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In Ezra, the possessed person is Prithviraj’s young wife, played by Priya Anand, who buys the dybbuk box while shopping for their new house in Kerala.  The couple have moved to Kerala from Mumbai for Prithviraj’s job with a nuclear facility.  Priya has a strained relationship with her parents because she married a Christian.  The box has ended up in the antique shop, because the last Jewish person has died in Cochin.  One of the most ancient Jewish diaspora communities in the world used to be in Kerala, but as this article says, the numbers are down to the double digits.  That last Jew dying releases the curse put on the dybbuk in the box.

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I don’t generally seek out horror films.  They’re not my thing, but it’s Prithviraj.  Horror movies don’t need to have a big budget to be scary.  This one relies on the usual dark haunted house kind of jumps and scares.  It’s just not tight enough of a movie.  There’s a lot of excess time spent establishing that Prithviraj and Priya are a loving couple (song montage!), and then a lengthy back story on how the dybbuk got in the box.  Jay K has used a lovers prevented from marriage story which is similar to the one in The Dybbuk Russian/Yiddish play from early in the 20th century, but he makes it interfaith, to mirror our modern couple.

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Yes, that’s a real hamsa Jewish amulet still used to ward off the evil eye.

I have several issues with Ezra.  I did jump a few times, but it wasn’t scary enough for me, and the narrative should have been tightened up.  Horror films shouldn’t be two and a half hours long.

But the biggest thing is that the movie made me laugh, which I don’t think was the intention.  I didn’t grow up Jewish, but my husband is, and I’m on the board of our synagogue.  The way the rabbis and the Jewish people in this movie dressed made me giggle hysterically.

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For someone who only knows Jews from Seinfeld and Woody Allen movies, I guess dressing up rabbis in Catholic bishop vestments seemed perfectly logical.  How else are Mayalalis to know that the rabbis characters are clergy if they don’t have white priest collars?   And the tallit (the prayer shawls) are worn in the movie like sari scarves wrapped this way and that.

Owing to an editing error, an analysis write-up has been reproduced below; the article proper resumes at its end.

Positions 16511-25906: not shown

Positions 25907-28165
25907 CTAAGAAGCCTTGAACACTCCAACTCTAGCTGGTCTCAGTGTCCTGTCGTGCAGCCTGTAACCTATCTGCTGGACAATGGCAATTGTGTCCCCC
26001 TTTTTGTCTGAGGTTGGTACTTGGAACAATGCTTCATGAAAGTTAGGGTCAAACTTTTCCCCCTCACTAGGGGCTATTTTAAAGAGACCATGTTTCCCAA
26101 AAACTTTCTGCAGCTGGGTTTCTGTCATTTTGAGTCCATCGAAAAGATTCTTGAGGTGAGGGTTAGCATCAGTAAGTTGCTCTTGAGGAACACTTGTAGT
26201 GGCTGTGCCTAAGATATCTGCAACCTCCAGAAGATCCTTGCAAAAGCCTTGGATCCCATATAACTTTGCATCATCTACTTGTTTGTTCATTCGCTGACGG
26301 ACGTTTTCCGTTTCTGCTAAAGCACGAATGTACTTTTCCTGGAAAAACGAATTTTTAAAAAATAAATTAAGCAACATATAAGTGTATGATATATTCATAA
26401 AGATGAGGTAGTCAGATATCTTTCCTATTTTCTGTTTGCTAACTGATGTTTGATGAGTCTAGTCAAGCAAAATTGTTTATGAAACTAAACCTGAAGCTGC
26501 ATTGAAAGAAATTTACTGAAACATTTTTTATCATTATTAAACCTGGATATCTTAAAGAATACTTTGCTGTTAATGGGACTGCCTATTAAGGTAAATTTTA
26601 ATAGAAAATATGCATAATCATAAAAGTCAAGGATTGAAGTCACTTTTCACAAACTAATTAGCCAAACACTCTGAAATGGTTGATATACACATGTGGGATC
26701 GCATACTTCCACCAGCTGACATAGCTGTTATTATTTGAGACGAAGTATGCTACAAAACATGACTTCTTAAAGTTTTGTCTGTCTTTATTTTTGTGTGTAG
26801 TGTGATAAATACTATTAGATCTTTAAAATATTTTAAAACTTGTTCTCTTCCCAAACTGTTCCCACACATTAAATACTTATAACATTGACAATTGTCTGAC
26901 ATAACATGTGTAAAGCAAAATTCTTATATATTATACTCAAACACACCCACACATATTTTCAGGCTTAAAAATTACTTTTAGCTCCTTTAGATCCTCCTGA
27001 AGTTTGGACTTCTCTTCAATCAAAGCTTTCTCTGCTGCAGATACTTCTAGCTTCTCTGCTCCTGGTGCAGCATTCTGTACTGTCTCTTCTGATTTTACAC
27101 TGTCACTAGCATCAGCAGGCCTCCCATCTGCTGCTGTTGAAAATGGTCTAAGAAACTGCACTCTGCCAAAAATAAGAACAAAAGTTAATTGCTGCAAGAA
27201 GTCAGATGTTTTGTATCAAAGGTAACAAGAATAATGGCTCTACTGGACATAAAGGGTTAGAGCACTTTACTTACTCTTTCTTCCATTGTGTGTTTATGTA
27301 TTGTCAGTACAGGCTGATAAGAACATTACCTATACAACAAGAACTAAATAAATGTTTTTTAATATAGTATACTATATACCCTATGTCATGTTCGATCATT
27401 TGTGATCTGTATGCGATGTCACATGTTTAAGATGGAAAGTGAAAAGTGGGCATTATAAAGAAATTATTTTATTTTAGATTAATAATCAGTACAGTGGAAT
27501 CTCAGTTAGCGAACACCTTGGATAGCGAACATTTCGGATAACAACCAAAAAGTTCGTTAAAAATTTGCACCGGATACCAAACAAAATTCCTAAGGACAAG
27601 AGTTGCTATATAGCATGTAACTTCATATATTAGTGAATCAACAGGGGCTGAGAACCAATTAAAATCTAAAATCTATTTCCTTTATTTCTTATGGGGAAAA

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For the record, rabbis in the US generally just wear suits and the small yarmulke skullcap, but Hassidic rabbis, who practice Kabbalah (mystic Jewish faith) would look like the below, and I actually found a Chabbad rabbi in Kerala.  Jay K, Google is a wonderful tool.

The exorcism scene made me laugh the hardest, because they had to drag in 10 random Jewish tourists to complete the ritual (yes, many Jewish prayers need a minyan of 10 Jewish men, so that’s real).  It was the random tourist thing with their weirdly draped prayer tallit that made me guffaw.  That, and the HUGE shofar horn the rabbi had to blow.

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Prithviraj, I love you, but your red eyes were much scarier in Stop Violence.

I have another bone to pick.  The flashback for the dybbuk’s story goes back to 1941, and Ezra’s father actually says that the Jews want to take over the world.  Argh.  Let’s think a moment just what was happening to the Jews in 1941.  Again, smh.  That deserves a double Seth.

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There were some Jewish touches they got right, like an older rabbi gives a priestly blessing over some kids, a hand gesture familiar to Star Trek fans, because Leonard Nimoy used the Cohen hand position for Spock:

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I could see how The Possession would have been creepier just because a child was the one possessed.  I wouldn’t urge you to race out to the theater to catch Ezra.  It’s not Prithviraj’s best, and it’s not the greatest horror film.  It’s an okay timepass once it comes on streaming services.

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Running Shaadi -Fantastic Rom Com with some fresh faces

http-%2f%2fo-aolcdn-com%2fhss%2fstorage%2fmidas%2fbafcd286fb08688cd59882f7f9020aba%2f204779235%2fscreenshot2017-01-06at6-19-49pmMargaret of Don’t Call It Bollywood let me know that I HAD to go see Running Shaadi which I don’t remember hearing anything about before.  I went in barely glancing at the poster, and not even seeing a trailer.  I haven’t yet seen Pink, so this was my first Hindi film with Taapsee Pannu.  (Just looking her up, I forgot she was in the wonderful Telugu film Mr. Perfect with Prabhas, as that movie is all Kajal to me.)  But you can’t imagine my delight that the lead male actor in Running Shaadi is Amit Sadh.

When I saw Sultan last summer, I was really taken with Amit Sadh, who plays the MMA promoter who convinces Salman to come out of retirement.  I remember thinking to myself, Who is that?  I want to see a movie with him as the lead!  Wish granted!  Evidently, he was also in Sonakshi’s Akira, which I will be seeking out directly, and I had forgotten he was in Kai Po Che.